When a Parent Has Dementia, Arguments Can Be Counterproductive
For family caregivers, validating a parent's notions provides reassurance and avoids conflict
"Thank you for helping an old man’s fantasies,” Dad said, in one of his increasingly rare moments of clarity. He looked at me through clear, intelligent eyes to thank me for producing the degrees and awards he’d asked for; for taking dictation and "mailing" letters to local and national leaders; and for supplying him with business cards and a title. The moment was brief. His pupils soon returned to mere pinpoints, his gaze unfocused. Dad, once again, was swallowed up by his dementia.
My father didn’t have Alzheimer’s disease. He’d suffered a closed head injury during World War II but had recovered enough to lead a fairly normal life. However, the body never forgets traumatic assault. The shadow of his injury began to overtake him in his 70s. He underwent surgery meant to prevent impending dementia, but it backfired and, overnight, Dad as we knew him disappeared.
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At that time, almost 20 years ago, many psychiatrists believed that people with dementia should, when delusional or confused, be redirected to what most of us understand as reality. I knew nothing about this theory. But I did know my dad, and he didn’t respond well to this type of redirection. He felt diminished and humiliated. He became defensive, angry and argumentative, which was the reverse of his normal personality.
The Importance of Validation
I could have argued with Dad when he told me he needed to have his medical degree hung on the wall of his room in his nursing home. In reality, World War II had interrupted his studies at the University of Minnesota. After the war, he did what many other GIs with a family to support did: He found a job related to what he was trained to do in the military. He entered public health and was highly successful in his field. But he did not become a doctor. After the surgery, his mind pushed reality away and insisted that he was an M.D. Explaining reality to him brought spontaneous hostility, compromised his dignity, and made him feel that we, his family, were the enemy.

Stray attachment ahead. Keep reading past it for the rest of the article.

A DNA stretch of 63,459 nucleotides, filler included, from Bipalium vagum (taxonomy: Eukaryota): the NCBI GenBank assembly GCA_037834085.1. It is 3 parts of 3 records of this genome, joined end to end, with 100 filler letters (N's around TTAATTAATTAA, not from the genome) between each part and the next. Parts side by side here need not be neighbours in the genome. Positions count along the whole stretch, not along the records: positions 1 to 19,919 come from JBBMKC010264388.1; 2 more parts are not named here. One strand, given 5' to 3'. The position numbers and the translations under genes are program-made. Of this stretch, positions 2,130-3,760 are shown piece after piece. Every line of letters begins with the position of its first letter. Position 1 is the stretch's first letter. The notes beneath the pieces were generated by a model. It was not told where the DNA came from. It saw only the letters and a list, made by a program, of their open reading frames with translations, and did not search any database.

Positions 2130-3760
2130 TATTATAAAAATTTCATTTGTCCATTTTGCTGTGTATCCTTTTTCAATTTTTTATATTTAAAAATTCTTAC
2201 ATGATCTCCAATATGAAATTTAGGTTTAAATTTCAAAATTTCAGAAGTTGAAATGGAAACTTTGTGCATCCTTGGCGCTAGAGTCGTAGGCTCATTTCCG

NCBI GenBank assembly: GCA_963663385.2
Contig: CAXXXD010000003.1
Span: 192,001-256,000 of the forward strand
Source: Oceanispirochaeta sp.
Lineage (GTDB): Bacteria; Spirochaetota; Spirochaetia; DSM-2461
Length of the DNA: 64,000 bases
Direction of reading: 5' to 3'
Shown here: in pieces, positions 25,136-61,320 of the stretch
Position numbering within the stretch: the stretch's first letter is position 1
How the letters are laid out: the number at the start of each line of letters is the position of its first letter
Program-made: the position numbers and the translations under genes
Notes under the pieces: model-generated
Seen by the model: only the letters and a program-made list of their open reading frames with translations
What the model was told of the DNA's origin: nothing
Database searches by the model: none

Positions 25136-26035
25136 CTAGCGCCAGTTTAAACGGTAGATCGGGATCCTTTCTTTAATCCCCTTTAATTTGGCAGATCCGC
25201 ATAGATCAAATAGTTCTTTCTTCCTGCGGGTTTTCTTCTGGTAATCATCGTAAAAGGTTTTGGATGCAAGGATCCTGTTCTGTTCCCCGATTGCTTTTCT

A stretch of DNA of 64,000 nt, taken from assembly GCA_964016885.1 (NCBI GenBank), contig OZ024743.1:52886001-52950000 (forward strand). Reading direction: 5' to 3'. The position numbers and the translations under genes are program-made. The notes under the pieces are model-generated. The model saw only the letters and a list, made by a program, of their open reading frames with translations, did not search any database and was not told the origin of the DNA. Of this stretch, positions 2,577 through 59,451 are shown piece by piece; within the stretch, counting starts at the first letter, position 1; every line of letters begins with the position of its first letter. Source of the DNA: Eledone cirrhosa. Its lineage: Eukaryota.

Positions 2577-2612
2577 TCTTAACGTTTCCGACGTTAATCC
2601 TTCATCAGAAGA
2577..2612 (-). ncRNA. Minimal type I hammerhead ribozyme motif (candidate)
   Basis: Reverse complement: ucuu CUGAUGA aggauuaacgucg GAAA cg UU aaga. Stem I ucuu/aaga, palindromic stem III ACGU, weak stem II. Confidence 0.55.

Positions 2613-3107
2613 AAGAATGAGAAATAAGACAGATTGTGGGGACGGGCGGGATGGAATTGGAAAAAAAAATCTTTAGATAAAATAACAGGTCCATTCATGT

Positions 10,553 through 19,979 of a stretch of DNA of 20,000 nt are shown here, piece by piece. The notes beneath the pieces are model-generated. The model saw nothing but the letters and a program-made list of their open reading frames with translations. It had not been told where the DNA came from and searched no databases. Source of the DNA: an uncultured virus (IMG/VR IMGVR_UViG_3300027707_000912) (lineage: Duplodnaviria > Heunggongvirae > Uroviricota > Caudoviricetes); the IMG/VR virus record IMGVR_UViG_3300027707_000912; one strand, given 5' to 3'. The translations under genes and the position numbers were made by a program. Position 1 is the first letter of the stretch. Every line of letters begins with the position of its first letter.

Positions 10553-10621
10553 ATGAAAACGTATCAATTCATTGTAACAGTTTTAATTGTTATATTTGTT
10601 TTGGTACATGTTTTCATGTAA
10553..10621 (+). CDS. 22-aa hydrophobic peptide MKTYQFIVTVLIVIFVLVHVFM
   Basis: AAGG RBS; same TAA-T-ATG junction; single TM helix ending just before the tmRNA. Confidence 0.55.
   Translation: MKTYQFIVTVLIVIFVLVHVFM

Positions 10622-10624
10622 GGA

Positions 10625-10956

As his primary caregiver, I followed my gut instinct. I used my computer to make him a medical degree. He was ecstatic. More awards and degrees followed as his delusional mind summoned other projects for me to complete. He needed a purpose in life, and for a man of his generation, that meant a career. And this career required a secretary, which turned out to be me. Our projects gave Dad a sense of accomplishment and peace.
Later, I found out I had been practicing what is now called validation. Psychiatrists came to realize that people with Alzheimer’s and other forms of dementia are often simply incapable of understanding reality as we see it. It’s far more effective, when possible, to agree with them. It hurts no one to nod along when an Alzheimer's patient says he or she was a film star. It hurts no one to let them live in a reality that may be more reflective of their dreams than the life they actually lived.
"It is seldom harmful to enter into a patient's fantasy world as long as one does it with a caring heart," says geriatrician Dennis McCullough, author of My Mother, Your Mother: Embracing "Slow Medicine," the Compassionate Approach to Caring for Your Aging Loved Ones (Harper Collins, 2008). "Going along with, and even embellishing, these short periods of a different reality can provide comfort and reduce confusion."
Exceptions to Every Rule
Since he couldn’t tell the difference between television and reality, my father was not supposed to be allowed to watch TV news, but the nursing home staff occasionally slipped up. One morning when I visited Dad, he was terrified. It was during Desert Storm, and he had seen coverage of the war. Certain that we were in the middle of an attack, he begged me to get him to safety.
(MORE: The U.S. vs. Alzheimer's: The Fight Heats Up)
This was not the time for validation. I explained that the war was thousands of miles away, but he couldn’t or wouldn’t believe me. Sometimes we can’t do anything to soothe our loved one’s pain but be with them. I just had to let time move him forward. By the next morning, Dad’s fear was gone.
The Rewards of Contentment
Generally, though, agreeing with Dad worked. Not arguing about whether he’d been a doctor, or a big band director, or a member of our local zoo board, was only logical. Dad could, at least temporarily, have a feeling of accomplishment. And I could feel good that he was reasonably content. That was the payoff for me. Given a choice between torturing Dad with reality and letting him be content, it was no contest.
And then there were those rare moments of clarity. I hold those brief breakthroughs close to my heart as I remember that kind, intelligent man reaching out to his daughter from the depths of his dementia to say thank you. Those moments were gifts precious beyond words.
Author and speaker Carol Bradley Bursack has cared for six relatives and a neighbor, experiences that inspired her to create a "portable support group" — her book, Minding Our Elders, as well as a website and blog offering resources for other caregivers. She has a weekly syndicated column, speaks at workshops and conferences, and writes on senior issues for several websites.
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